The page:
I've fixed Manley. They have very primitive bias circuits without much of protection. Extremely poor design for all of his units including the BIG ones.

So far the issue seems like tubes and caps going away in the power amp, not preamp.


From a diagnosis perspective, it seems odd that BOTH tube amps would suddenly develop the same problem at the same time. Thus, I like the hypothesis that there's a bad cap in the B section of the preamp.

And perhaps something was dislodged during the handling of the preamp taking it to and from the tube shop.

I don't know that these amps were so sensitive. But they have been in service for many years. 

What do you mean by "They will not fix it"? Can't these parts be replaced with something similar? I'm hoping my local guy can fix it, but if not there are some places I found online that works on VTL (High End Audio Repair in Brooklyn, don't really know anything about them.).


The original problem was definitely bad tubes in the preamp, but perhaps that resulted in some cascading problems down the line.



Best to find someone local that can repair.  VTL, Luke and Bea are horrible people to deal with.  One of the worst in the biz....

@oddiofyl they don't mind providing schematics of the amps. That's how I fixed mine when I had it. After fixing and observing unacceptable built quality, I've decided to sell my MB100. 

I have a schematic. I like the idea that the B section Capacitor is the problem. It wasn't the original problem, the tubes were the original problem. but maybe in transport it was compromised. I think that it's also possible that the tubes and/or capacitors in the amp became damaged when putting the bad signal through them after I got the preamp back. It is frustrating but I think based on what you guys said and what I have read, this is likely the problem given the age of the amps. Thanks again for your feedback.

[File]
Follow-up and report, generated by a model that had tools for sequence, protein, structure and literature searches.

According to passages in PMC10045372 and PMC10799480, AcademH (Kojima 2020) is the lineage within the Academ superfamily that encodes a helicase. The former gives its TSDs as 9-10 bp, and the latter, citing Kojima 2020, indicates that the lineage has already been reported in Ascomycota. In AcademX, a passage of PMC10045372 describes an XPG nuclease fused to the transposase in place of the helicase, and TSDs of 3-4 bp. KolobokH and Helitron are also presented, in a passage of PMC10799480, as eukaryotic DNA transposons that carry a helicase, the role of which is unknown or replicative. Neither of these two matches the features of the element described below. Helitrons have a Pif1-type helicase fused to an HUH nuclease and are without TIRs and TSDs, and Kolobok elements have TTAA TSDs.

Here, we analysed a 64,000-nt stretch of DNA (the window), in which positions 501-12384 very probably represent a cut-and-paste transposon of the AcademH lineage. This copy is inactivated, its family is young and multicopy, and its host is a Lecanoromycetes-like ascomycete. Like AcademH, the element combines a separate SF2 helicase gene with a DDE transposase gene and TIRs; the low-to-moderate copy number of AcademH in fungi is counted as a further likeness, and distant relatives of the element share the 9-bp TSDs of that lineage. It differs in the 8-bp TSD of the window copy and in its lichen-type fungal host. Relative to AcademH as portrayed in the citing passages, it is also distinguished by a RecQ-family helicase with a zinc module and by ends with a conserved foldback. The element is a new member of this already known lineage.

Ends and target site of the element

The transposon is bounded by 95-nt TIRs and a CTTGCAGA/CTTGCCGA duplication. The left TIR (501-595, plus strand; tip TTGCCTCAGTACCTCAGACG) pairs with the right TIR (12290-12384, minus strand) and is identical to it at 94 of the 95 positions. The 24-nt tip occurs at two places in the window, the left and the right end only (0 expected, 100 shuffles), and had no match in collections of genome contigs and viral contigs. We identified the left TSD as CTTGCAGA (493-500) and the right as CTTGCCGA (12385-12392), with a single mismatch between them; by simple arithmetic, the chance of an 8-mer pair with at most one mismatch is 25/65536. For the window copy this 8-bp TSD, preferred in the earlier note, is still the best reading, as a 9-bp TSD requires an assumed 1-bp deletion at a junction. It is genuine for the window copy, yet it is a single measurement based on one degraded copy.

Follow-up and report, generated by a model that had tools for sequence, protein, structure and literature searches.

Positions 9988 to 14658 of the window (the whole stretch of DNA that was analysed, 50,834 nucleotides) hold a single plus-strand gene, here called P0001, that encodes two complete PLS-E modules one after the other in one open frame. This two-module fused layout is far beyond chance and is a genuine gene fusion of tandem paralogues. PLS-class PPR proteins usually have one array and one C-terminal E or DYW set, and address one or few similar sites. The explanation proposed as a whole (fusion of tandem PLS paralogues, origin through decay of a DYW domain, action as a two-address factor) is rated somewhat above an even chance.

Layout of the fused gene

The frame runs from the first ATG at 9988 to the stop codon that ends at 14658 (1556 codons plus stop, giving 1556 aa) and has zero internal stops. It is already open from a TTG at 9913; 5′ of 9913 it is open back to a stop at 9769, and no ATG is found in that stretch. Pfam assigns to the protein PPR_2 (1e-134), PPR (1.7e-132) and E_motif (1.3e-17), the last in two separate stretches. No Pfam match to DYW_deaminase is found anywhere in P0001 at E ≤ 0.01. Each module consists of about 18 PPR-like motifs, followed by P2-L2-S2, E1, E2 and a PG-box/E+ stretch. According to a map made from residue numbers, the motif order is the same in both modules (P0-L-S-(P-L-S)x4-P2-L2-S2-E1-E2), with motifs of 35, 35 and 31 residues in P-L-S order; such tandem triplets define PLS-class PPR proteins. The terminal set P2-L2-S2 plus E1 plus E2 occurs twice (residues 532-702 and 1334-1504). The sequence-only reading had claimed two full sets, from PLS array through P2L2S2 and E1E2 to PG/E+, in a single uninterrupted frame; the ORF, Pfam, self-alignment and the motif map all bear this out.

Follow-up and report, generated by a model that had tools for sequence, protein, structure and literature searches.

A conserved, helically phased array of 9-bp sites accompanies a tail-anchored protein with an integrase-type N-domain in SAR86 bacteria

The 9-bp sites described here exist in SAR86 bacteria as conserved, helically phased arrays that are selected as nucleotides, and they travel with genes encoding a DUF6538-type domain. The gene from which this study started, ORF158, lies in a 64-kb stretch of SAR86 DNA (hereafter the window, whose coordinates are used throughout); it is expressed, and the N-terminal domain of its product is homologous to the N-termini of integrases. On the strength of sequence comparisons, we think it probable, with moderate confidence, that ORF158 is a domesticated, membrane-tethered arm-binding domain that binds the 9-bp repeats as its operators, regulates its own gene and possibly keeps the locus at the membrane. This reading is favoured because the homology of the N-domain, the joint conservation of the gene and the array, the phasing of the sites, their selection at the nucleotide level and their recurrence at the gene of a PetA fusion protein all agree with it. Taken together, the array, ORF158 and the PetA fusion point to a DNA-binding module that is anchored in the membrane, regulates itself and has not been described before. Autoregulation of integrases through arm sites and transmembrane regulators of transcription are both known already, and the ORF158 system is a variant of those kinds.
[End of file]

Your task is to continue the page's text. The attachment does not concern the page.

If B supply resistor blows, that huge voltage will be applied at bias cap and destroy it. It acts like circuit protection in a such weird way that cap will go bad as well. Upon visual you will see that cap bubbled, but B supply resistor is the first item to inspect.  

GREETINGS and here's the update. I went to my electronics guy and he said "Take my Dynaco Tube amp and test your preamp".

Basically it worked fine from both the A and B outputs.

So czarivey said "So far the issue seems like tubes and caps going away in the power amp, not preamp."


And that does seem to be the issue given that my preamp worked fine with other solid state and tube amps.


So we are going to test/replace the capacitors and anything else on those amps. I have no idea WHY the power amps went bad suddenly, given that the preamp definitely had bad tubes, which is why I brought it in. Maybe some bad signal triggered the capacitor failure in the power amps.


Making me think about selling everything after I get it all functional again. Or, if it's functional again, maybe just keep it running for another 30 years?